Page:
Australian engineers at the University of New South Wales have pushed sunlight-to-electricity conversion efficiency to 34.5% – establishing a new world record for unfocused sunlight and nudging closer to the theoretical limits for such a device.
The record was set by Dr Mark Keevers and Professor Martin Green, Senior Research Fellow and Director, respectively, of UNSW’s Australian Centre for Advanced Photovoltaics, using a technology that splits the incoming rays into four bands to squeeze even more electricity from each beam of sunlight.
“What’s remarkable is that this level of efficiency had not been expected for many years,” said Green, a pioneer who has led the field for much of his 40 years at UNSW. “A recent study by Germany’s Agora Energiewende think tank set an aggressive target of 35% efficiency by 2050 for a module that uses un-concentrated sunlight, such as the standard ones on family homes.
More details of the UNSW research can be found at: http://newsroom.unsw.edu.au/news/science-tech/milestone-solar-cell-efficiency-unsw-engineers
Hot on the heels of the UNSW announcement, researchers at MIT demonstrated for the first time, a device based on a method that enables solar cells to break through a theoretically predicted ceiling on how much sunlight they can convert into electricity. Ever since 1961, it has been known that there is an absolute theoretical limit, called the Shockley-Queisser Limit, to how efficient traditional solar cells can be in their energy conversion. But there are some possible avenues to increase that overall efficiency, and one of them using devices known as solar thermophotovoltaics, or STPVs, has been used by the MIT team.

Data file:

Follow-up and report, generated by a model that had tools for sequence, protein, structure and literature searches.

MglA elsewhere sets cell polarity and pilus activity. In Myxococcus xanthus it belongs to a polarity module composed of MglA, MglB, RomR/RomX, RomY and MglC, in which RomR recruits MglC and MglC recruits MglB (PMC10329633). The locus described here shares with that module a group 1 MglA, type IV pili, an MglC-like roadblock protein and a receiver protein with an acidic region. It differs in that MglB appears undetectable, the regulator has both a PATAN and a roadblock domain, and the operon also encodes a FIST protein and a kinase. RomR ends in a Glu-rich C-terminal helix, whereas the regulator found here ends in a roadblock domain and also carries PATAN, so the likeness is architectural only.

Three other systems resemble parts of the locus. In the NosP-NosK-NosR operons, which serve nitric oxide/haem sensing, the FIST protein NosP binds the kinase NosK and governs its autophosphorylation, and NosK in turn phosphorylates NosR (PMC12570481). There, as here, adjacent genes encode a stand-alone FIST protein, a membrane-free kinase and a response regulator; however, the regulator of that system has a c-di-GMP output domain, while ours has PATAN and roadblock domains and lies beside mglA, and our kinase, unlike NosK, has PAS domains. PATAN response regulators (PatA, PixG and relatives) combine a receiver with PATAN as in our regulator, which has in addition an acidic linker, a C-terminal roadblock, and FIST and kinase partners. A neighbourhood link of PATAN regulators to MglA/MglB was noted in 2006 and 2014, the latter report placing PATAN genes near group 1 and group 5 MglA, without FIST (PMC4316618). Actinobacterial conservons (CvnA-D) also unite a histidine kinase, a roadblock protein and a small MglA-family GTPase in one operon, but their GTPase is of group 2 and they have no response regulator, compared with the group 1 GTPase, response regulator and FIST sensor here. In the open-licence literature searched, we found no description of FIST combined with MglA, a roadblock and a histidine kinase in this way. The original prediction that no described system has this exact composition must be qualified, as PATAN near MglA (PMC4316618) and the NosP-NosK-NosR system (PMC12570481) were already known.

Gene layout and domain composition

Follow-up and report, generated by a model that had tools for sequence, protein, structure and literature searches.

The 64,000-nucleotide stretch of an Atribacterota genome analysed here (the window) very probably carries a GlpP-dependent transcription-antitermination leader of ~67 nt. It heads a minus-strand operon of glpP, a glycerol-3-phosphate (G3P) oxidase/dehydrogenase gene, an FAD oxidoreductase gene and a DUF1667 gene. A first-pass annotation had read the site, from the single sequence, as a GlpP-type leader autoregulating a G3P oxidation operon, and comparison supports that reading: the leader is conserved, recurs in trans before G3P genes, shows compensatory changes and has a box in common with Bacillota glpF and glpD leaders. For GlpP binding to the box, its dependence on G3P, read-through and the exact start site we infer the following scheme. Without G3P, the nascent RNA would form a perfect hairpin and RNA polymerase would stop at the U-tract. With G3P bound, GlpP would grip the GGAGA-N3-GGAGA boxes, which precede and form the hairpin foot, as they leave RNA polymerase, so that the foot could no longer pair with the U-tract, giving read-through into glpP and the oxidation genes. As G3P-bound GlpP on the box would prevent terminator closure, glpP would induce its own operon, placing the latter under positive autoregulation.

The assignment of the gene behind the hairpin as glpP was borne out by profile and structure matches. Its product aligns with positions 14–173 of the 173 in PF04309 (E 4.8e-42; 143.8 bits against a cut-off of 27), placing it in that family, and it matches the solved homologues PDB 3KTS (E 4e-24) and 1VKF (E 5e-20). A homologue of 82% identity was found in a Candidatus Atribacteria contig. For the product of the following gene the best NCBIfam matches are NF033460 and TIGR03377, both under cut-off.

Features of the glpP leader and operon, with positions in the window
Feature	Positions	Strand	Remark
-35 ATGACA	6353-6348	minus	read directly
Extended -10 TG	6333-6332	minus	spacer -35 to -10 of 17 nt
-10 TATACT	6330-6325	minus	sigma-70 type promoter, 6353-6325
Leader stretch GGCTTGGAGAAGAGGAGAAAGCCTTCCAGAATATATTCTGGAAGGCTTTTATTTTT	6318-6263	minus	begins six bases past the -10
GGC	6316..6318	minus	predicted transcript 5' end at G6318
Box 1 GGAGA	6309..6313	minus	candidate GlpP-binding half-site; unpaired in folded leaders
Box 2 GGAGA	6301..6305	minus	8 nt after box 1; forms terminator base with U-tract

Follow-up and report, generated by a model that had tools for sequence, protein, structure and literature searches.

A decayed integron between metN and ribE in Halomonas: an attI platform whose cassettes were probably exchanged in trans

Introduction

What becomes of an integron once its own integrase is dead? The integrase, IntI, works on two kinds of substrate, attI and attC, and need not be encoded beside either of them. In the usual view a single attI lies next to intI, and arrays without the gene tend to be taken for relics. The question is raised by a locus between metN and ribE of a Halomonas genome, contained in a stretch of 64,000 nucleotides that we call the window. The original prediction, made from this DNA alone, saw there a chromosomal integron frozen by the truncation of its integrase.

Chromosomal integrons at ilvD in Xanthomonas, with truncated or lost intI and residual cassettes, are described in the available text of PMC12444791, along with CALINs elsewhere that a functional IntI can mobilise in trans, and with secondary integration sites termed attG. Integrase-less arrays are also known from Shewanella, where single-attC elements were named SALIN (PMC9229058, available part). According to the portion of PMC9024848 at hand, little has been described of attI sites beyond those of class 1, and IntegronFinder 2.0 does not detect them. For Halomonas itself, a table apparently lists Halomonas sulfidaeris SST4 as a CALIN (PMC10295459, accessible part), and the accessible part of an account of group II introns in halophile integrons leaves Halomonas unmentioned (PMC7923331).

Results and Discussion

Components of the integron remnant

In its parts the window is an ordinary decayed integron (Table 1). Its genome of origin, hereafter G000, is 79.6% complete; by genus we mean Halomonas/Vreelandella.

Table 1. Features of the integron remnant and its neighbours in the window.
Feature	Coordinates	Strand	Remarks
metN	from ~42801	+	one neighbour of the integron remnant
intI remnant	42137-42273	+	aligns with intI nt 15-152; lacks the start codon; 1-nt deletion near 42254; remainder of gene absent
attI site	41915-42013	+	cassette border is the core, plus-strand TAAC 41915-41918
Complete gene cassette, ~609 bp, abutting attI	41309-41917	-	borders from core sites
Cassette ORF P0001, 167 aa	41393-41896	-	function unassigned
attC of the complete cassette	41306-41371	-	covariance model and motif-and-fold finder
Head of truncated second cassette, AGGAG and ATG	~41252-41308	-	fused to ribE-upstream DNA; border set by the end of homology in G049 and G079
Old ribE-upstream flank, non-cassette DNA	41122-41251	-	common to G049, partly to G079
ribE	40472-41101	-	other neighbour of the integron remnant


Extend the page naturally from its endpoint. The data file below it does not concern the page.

The basic principle is simple: Instead of dissipating unusable solar energy as heat in the solar cell, all of the energy and heat is first absorbed by an intermediate component, to temperatures that would allow that component to emit thermal radiation. By tuning the materials and configuration of these added layers, it’s possible to emit that radiation in the form of just the right wavelengths of light for the solar cell to capture. This improves the efficiency and reduces the heat generated in the solar cell.
According to the author of the research, the technology could more than double the theoretical limit of efficiency, potentially making it possible to deliver twice as much power from a given area of panels.
More details of the MIT research can be found at: http://news.mit.edu/2016/hot-new-solar-cell-0523